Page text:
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A UO2-based salt target for rapid isolation of fission products

  • Jacquelyn M. DorhoutEmail author
  • Marianne P. Wilkerson
  • Kenneth R. Czerwinski
Article
  • 33 Downloads

Abstract

We report here an initial isolation study based upon the use of small uranium oxide particles dispersed in a soluble salt matrix to evaluate the relative recovery of fission products into acidic media. We further show that the macrostructures of the uranium microparticles are largely preserved, such that the bulk target material could be retained for additional irradiations or characterizations. Through this approach, fission products can be separated from the actinide-based target using low molarities of acid without the need to dissolve the actinide itself, reducing the amount of acidic waste. Extraction yields using two molarities of HCl and HNO3 are compared.

Keywords

Fission products Recoil energy UO2 irradiation Acid extraction Uranium microparticles Fission path lengths Catcher 

Notes

Acknowledgements

We would like to acknowledge Dr. T. Bredeweg (LANL) for provision of the sample holders, Dr. T. Hartmann (UNLV) for the p-XRD analysis, Dr. R. Sudowe (CSU), Dr. W. Kerlin (UNLV), Dr. L. Boron-Brenner (UNLV), J. Bertoia (UNLV), T. Low (UNLV), R. Springs (UNLV), and Dr. D. Lowe (Varex) for their help with gamma spectroscopy. For financial support of this work, we acknowledge the LANL G. T. Seaborg Institute for Transactinium Science (graduate funding to JMD), and the Domestic Nuclear Detection Office under competitively awarded contract IAA: HSHQDC-16-X-00088 (post-doctoral funding to JMD). Los Alamos National Laboratory is operated by Triad National Security, LLC, for the National Nuclear Security Administration for the U.S. Department of Energy (Contract DE-SOL-0011206). This material is based upon work supported by the U.S. Department of Homeland Security under Grant Award Number, 2012-DN-130-NF0001. The views and conclusions contained in this document are those of the authors and should not be interpreted as representing the official policies, either expressed or implied, of the U.S. Department of Homeland Security. We also acknowledge the Development of a Synthetic Debris for Nuclear Forensics, Prime Contract No. DE-AC52-06NA25946, Subcontract No. 104777 Task Order 41. LA-UR-18-24296.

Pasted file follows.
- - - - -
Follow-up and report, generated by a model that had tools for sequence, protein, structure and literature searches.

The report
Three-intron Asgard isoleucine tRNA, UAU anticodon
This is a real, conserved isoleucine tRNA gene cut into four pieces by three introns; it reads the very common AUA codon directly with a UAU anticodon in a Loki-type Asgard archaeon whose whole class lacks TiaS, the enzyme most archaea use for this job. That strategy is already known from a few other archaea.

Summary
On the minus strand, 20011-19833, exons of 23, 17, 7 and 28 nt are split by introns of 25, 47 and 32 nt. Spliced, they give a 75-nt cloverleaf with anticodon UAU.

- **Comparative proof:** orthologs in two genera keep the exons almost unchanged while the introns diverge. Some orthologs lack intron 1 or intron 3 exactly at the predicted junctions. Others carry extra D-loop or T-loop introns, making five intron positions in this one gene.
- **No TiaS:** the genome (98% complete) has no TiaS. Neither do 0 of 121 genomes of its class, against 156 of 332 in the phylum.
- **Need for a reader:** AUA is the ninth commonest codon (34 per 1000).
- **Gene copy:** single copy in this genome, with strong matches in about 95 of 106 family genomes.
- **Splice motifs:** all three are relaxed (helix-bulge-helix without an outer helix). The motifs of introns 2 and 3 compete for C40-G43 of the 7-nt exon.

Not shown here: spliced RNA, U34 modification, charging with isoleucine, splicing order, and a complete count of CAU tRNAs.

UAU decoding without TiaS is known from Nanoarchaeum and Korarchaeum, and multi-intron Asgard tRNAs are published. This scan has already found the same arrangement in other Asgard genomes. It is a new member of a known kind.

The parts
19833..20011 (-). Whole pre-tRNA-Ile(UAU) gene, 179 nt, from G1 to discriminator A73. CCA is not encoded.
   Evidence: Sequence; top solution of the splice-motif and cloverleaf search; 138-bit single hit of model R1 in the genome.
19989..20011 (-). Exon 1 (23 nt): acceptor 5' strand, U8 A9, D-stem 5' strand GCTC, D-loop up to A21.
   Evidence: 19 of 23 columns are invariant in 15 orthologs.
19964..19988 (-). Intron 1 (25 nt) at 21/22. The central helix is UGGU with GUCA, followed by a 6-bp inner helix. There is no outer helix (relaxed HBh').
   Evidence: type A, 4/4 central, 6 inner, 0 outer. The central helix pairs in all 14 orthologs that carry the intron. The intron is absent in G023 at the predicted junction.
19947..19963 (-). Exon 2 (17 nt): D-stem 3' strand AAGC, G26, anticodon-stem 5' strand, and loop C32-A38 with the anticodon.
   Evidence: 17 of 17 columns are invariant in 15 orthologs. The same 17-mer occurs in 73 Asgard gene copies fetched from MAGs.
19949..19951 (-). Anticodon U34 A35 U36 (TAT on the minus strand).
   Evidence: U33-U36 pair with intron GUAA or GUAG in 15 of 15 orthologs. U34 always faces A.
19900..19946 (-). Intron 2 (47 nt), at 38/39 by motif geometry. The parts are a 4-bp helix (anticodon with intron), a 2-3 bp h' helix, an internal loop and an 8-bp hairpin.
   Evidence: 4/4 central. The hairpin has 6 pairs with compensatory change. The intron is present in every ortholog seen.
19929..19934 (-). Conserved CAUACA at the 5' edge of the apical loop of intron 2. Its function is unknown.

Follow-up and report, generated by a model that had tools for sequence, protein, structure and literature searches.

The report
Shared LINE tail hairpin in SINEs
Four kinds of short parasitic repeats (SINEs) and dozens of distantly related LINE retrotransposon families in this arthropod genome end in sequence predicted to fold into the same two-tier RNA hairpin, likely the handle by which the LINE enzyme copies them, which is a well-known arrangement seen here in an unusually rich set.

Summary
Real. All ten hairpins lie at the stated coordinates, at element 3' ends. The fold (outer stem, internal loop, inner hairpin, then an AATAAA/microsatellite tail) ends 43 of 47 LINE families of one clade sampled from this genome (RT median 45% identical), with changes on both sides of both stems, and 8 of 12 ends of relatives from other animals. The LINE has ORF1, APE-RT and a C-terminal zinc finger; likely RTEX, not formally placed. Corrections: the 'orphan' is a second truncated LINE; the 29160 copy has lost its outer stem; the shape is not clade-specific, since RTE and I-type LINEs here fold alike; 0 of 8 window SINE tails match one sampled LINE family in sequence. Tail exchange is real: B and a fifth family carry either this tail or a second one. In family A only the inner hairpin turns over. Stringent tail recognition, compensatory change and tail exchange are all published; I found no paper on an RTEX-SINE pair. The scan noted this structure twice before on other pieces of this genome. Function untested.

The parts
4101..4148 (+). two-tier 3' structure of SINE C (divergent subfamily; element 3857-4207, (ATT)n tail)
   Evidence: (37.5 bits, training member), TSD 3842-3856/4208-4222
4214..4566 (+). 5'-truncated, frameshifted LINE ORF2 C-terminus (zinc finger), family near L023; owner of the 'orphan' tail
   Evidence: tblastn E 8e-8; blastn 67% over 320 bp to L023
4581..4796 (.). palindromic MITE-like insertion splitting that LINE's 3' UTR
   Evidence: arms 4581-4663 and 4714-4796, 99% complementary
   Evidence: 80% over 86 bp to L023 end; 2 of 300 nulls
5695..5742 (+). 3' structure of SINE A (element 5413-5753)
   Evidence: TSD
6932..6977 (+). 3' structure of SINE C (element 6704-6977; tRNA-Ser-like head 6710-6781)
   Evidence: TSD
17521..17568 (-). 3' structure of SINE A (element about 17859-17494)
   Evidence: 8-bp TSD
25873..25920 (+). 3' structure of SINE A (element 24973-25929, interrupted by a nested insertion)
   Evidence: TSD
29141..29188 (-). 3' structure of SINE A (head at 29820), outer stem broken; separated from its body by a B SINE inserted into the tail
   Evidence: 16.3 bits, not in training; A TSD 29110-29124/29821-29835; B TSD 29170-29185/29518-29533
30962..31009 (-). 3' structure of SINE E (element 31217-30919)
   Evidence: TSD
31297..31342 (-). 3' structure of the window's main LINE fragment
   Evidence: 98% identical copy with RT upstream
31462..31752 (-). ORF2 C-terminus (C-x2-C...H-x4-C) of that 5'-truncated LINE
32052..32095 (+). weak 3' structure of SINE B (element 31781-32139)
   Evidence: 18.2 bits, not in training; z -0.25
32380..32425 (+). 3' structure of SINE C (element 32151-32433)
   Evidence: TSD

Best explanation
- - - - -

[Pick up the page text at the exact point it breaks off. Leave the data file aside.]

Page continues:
Compliance with ethical standards

Conflict of interest

The authors declare that they have no competing interest.

Supplementary material

10967_2019_6433_MOESM1_ESM.docx (591 kb)
The Supplementary Information, including the UO2 p-XRD pattern, a simplified separation scheme, gamma spectra, count data for all extractions, and the total percent extraction for each isotope is available free of charge. LA-UR-18-25912. (DOCX 591 kb)

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Copyright information

© Akadémiai Kiadó, Budapest, Hungary 2019

Authors and Affiliations

  1. 1.Department of Chemistry and BiochemistryUniversity of Nevada – Las VegasLas VegasUSA
  2. 2.Chemistry DivisionLos Alamos National LaboratoryLos AlamosUSA

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